Each character starts with one Class Feat and two other Feats of their choice. Feats are divided into categories: Class Feats (Scrapper, Sorcerer and Savant), Combat Feats (only available to Scrappers), Magic Feats (only available to Sorcerers), Expert Feats (only available to Savants), Legacy Feats (only available during character creation) and Common Feats (available to everyone).

Monday, 12 December 2016

Sleigh Heist: Christmas One Sheet

Swooping through the night,
Our rockets chase the sleigh,
Through the clouds we fight,
Laughing all the way!

On the same night every year, a mysterious red-robed sorcerer flies his enchanted sleigh to a nearby human settlement, dropping various wrapped packages down the chimneys before making his escape. The goblins admire his courage and tenacity, but not his success rate; as far as they can tell, none of the houses have ever blown up, or even burned down. The sorcerer clearly has no experience with explosives, and so the infamous gremlin artificer Grinchie Charfoot has decided it’s time for the professionals to take over.

Here's another One Sheet for Saga of the Goblin Horde:

As always, you can download the goblin archetypes from here, and the older One Sheet adventures from here, here, here, here and here.

Friday, 9 December 2016

Saga of the Goblin Horde: Publication Status

I shall be telling this with a sigh
Somewhere ages and ages hence:
Two roads diverged in a wood, and I—
I took the one less traveled by,
And that has made all the difference.
-- The Road Not Taken, by Robert Frost.
I've talked openly in the past about my goals for Saga of the Goblin Horde, and how I was standing at a crossroads, unsure which road I would take. Now I keep getting asked privately what the current status is, so I decided I might as well just explain the situation on my blog.

Savage Worlds

Back in July I submitted an application to Pinnacle, as I was hoping to release Saga of the Goblin Horde as a licensed product. In September they replied, and explained that there are strict limitations on what official licensees are allowed to do, and my fan products go beyond those limitations. More specifically, I was told that if I wanted to go ahead with the application process, I would first have to delete my fan toolkits along with anything else that modified the core rules (which is almost everything I've released over the last five years, as even most of my adventures include variations to certain rules, like Dramatic Tasks and Chases).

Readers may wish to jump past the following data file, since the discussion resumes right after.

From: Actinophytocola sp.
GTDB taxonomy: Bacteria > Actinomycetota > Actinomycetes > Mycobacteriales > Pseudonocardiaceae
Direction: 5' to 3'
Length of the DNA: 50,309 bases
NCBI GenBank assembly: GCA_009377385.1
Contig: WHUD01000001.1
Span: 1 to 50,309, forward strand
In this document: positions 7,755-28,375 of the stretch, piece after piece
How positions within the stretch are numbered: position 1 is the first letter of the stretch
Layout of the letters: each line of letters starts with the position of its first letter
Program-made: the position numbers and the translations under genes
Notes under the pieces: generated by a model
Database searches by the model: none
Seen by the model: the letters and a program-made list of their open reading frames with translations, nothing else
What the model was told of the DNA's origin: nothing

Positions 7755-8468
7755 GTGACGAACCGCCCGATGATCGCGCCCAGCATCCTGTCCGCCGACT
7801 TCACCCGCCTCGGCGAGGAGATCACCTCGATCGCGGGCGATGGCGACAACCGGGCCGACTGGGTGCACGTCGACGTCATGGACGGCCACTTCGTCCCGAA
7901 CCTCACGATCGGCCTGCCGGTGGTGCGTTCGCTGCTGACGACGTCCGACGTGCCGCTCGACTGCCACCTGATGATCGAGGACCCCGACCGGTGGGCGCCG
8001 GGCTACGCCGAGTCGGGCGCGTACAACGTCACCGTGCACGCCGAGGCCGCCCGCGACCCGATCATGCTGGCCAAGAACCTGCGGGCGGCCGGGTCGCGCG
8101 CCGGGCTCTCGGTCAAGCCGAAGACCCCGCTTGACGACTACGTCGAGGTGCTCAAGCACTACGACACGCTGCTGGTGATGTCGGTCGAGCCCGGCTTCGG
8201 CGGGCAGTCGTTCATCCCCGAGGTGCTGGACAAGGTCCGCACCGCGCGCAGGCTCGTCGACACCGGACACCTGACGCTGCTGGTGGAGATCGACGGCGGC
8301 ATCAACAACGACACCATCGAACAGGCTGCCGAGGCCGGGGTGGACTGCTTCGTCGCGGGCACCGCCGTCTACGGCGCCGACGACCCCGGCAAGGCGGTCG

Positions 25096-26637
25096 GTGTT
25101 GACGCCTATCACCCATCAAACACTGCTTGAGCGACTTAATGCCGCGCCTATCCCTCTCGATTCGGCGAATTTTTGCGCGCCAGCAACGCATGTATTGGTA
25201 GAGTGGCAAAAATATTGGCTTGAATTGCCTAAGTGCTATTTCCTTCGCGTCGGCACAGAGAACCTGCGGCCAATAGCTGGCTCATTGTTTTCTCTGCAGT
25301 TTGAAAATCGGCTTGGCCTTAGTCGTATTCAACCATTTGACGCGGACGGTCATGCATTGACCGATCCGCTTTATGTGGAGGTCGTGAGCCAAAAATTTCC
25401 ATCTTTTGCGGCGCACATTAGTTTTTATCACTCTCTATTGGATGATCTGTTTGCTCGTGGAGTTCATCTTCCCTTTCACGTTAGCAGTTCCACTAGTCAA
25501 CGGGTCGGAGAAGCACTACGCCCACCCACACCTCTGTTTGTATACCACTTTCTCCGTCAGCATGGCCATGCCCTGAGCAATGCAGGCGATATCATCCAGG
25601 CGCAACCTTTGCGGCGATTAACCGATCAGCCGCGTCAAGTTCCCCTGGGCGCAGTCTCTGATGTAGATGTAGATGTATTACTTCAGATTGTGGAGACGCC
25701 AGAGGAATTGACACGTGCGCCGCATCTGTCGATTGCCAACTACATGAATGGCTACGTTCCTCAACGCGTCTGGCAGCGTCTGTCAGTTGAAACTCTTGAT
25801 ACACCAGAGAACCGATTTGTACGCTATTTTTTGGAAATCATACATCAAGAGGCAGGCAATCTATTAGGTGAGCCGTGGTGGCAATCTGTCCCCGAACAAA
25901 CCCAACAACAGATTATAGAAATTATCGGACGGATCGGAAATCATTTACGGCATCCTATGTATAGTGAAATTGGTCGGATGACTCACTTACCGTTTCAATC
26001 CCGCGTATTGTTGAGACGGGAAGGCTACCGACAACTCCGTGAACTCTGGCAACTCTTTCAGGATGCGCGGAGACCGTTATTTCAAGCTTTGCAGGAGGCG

I wasn't willing to delete my work, for several reasons. Many people enjoy my products, quite a few people (including several licensees) rely on them to design their own creations, and deleting that content would be a kick in the teeth to the very audience I'd been hoping to market my products to - plus it wouldn't even guarantee me a license, it's perfectly possible that I'd still get rejected based on other criteria, leaving me with nothing. Those fan products represent half a decade of work, they're the portfolio upon which I've built my reputation, and it was on the merits of my fan creations that I got my foot in the freelancing door.

But there's another issue as well. While I've put a lot of effort into developing new skills over the last year, such as layout and presentation, setting design, writing adventures, etc, my specialty has always been game mechanics. The license wouldn't allow me to play to my strengths, and most of the products I'd been hoping to release in the future would very likely not be allowed.

However I've invested a lot of time and money into Saga of the Goblin Horde, and I really wanted to at least try and recoup my expenses. In theory I could have partnered up with a licensee, but Pinnacle warned that this could lead to them risking their own license. Besides, this is my pet project, and I've already come so far on my own that I'd really like to finish it myself.

So although I still plan to complete Saga of the Goblin Horde and release it under the Savage Worlds fan license, I also started looking ahead to the future, seeing what other roleplaying systems I could branch into next.

Other Systems

I initially considered using an established system, and that's still an avenue I may pursue in the future, but it's not quite as simple as it sounds. The last playtest I ran involved 6 PCs and their goblin gangs, which was a total of 30 characters under player control - most RPG systems cannot comfortably handle tactical combat on that sort of scale.

Many licensees seem to come up with their setting concept first, and then later choose to pair it with Savage Worlds. In some cases their setting was originally designed for a different system, and the licensee now just wants to convert it over (an exercise which can have mixed results). However the sad irony is that Saga of the Goblin Horde was specifically designed from the ground up to showcase the strengths of Savage Worlds, taking advantage of the things it handles well (such as chases, crazy stunts, tactical combat, fast gameplay, large numbers of combatants, etc).

I could have tried overhauling another system, but that would require first becoming intimately familiar with its rules, and I figured that if I was going to invest that amount of time I might as well create my own system from scratch to work exactly the way I wanted. An added bonus of this approach is that I'll be able to release a standalone version of Saga of the Goblin Horde, with both the system and setting in a single book.

Design Process